I love to travel. Like, I am willing to drive a clunker, wear bargain store clothes, and skimp on Christmas and birthdays if it means I get to travel. So I do. Each summer, my husband and I embark on a journey (this year will be Canada!) and I get to live in the excitement of planning that trip until that last day of school when we set off. Of the things I love about travel, visiting places which have sparked my imagination through books is near the top of the list. Behind wine and cheese… because, you know, it’s wine and cheese. This past summer, we lived many of my literary fantasies when we rented a car and drove around England and Scotland. In fact, we hit so many that this is going to need multiple posts. So, stay tuned for Jane Austen, Harry Potter, and Shakespeare, but today I want to talk about visits to places which helped me to physically connect to Diana Gabaldon’s “Outlander”.
If you haven’t read or watched “Outlander”, are you crazy? Even my mom has read this book. I’ve had a soft spot for Scotland ever since my first visit to Edinburgh three summers ago. Everything about it enchanted me from the weather to the higgeldy-piggeldy old buildings to the kilts and bagpipes. I watched and loved the Starz series, and as I began to plan this trip, I knew we would have to hit some Outlander-inspired spots.
1. Doune Castle- This is the castle that was used in the filming of Castle Leoch in the first season. It is near Stirling, but definitely not on the typical tourist trail. We were the first ones there the morning we visited, and enjoyed having the castle pretty much to ourselves. There is a small exhibit dedicated to Outlander in the castle, and the audioguide includes input from Sam Heughan who plays Jamie Fraser. I seriously could have listened to him talk all day, and it was amazing to stand on the battlements, listening to his brogue as he talked about the castle and filming there. But, the coolest thing about Doune Castle is that they have actual Outlander-licensed items in the gift shop. I looked all over Edinburgh and didn’t see them anywhere else. I got an awesome ring, but they had Claire’s scarf and finger gloves and many other neat items. Monty Python was also filmed here, and it is a nice castle to visit with some cool history of its own.
2. Avebury Standing Stones- First things first: Craigh na dun does not exist. There are no stone circles outside of Inverness. The stones in the show are fakes, and the closest you can get to something that looks like the stones in the show are on some of the far-flung islands of Scotland. That being said, I had to see and touch some standing stones on my England/Scotland trip and for those of you who have been to Stonehenge, you know that is not the place to do it. Lucky for me, Avebury is not too far from Stonehenge, is free, and is completely open to walk around and touch.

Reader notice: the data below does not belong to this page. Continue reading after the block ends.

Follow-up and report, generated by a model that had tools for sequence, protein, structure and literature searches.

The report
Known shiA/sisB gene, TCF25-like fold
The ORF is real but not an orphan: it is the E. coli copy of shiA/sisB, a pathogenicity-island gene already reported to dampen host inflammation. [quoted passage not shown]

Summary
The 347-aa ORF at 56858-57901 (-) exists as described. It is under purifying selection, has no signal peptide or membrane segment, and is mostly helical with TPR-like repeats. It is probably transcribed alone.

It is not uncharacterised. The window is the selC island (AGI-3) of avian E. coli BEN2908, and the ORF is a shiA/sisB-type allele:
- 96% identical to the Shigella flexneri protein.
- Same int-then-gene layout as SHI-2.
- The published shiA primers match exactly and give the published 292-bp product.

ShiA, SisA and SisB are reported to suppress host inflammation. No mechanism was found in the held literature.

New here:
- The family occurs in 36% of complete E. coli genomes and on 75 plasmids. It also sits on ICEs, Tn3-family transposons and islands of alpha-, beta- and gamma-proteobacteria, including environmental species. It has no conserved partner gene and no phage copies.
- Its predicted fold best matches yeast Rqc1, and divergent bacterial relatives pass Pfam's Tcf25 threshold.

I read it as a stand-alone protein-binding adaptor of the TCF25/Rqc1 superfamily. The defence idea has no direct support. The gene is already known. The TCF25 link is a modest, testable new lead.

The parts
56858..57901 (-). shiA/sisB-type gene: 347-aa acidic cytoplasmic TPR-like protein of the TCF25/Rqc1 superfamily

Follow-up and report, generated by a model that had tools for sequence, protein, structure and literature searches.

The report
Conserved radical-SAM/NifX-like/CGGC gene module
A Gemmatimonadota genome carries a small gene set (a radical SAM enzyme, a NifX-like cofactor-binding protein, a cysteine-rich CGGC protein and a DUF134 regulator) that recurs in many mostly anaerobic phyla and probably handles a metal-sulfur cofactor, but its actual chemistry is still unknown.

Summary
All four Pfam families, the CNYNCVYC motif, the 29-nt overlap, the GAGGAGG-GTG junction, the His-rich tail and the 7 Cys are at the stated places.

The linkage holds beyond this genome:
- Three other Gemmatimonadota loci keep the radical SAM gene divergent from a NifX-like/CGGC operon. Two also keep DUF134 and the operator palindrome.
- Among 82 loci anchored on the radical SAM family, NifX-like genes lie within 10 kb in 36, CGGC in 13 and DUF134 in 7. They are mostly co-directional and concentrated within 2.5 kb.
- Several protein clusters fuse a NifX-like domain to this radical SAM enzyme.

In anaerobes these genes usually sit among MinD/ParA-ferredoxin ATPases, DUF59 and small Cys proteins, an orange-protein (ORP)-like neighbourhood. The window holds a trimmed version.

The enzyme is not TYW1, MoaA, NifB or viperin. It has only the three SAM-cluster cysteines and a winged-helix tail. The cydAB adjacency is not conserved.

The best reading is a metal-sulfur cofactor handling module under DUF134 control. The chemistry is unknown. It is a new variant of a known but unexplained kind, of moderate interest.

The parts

I LOVED this place. The stones are like old sentries standing guard over the sheep that graze in their fields. We were completely alone in the field with the stones and the sheep, and I could feel the mysticism and connection to all the people from the past. I had to put my hands on a stone in a Claire-like pose, but that picture turned out terrible because of my enormous behind. This is an incredibly cool place, and across the street is this little old church with the prettiest graveyard I have ever seen. Go to Avebury.
3. Fort William/Highlands- There is not a garrison to visit at Fort William, but I wasn’t worried about that; I was more concerned with seeing the surrounding area- The Highlands. Some people are beach people, and some people are mountain people. I am a mountain person. (Unless I have someone bringing me food and drinks on a Mexican beach, just sayin’.) Mountains make me breathless with their beauty; I love the slightly cool air. As we drove through the highlands of Scotland, I couldn’t take my eyes off the scenery. It is heart-wrenchingly beautiful. Pictures do not do it justice; the mountains are so much bigger in person. I want to live there.
4. Culloden Battlefield- If you have read Dragonfly In Amber or if you know Scottish history, you know the significance of this place. A mist hung over the field the day I visited, evoking all of the sadness and loss which occurred in this place. A truly excellent historic visit in its own right, somehow the Outlander series gives us a sense of what was really lost on this battlefield.
Although our Jamie didn’t really exist, many men like him did and died here, trying to defend their clans and their way of life.
So, that was my Outlander-inspired travel. Scotland is a beautiful place, and is a perfect place for a romance novel. I love how books can help you to appreciate certain places or people, and find that literary tourism is a particular joy of mine. I’d love to hear about places you have visited that helped you to connect to books, authors or literary characters in the comments below. And don’t forget to check back or subscribe to get future updates: my next literary tourism post will be all about Jane Austen and will include my visit to “Pemberly”.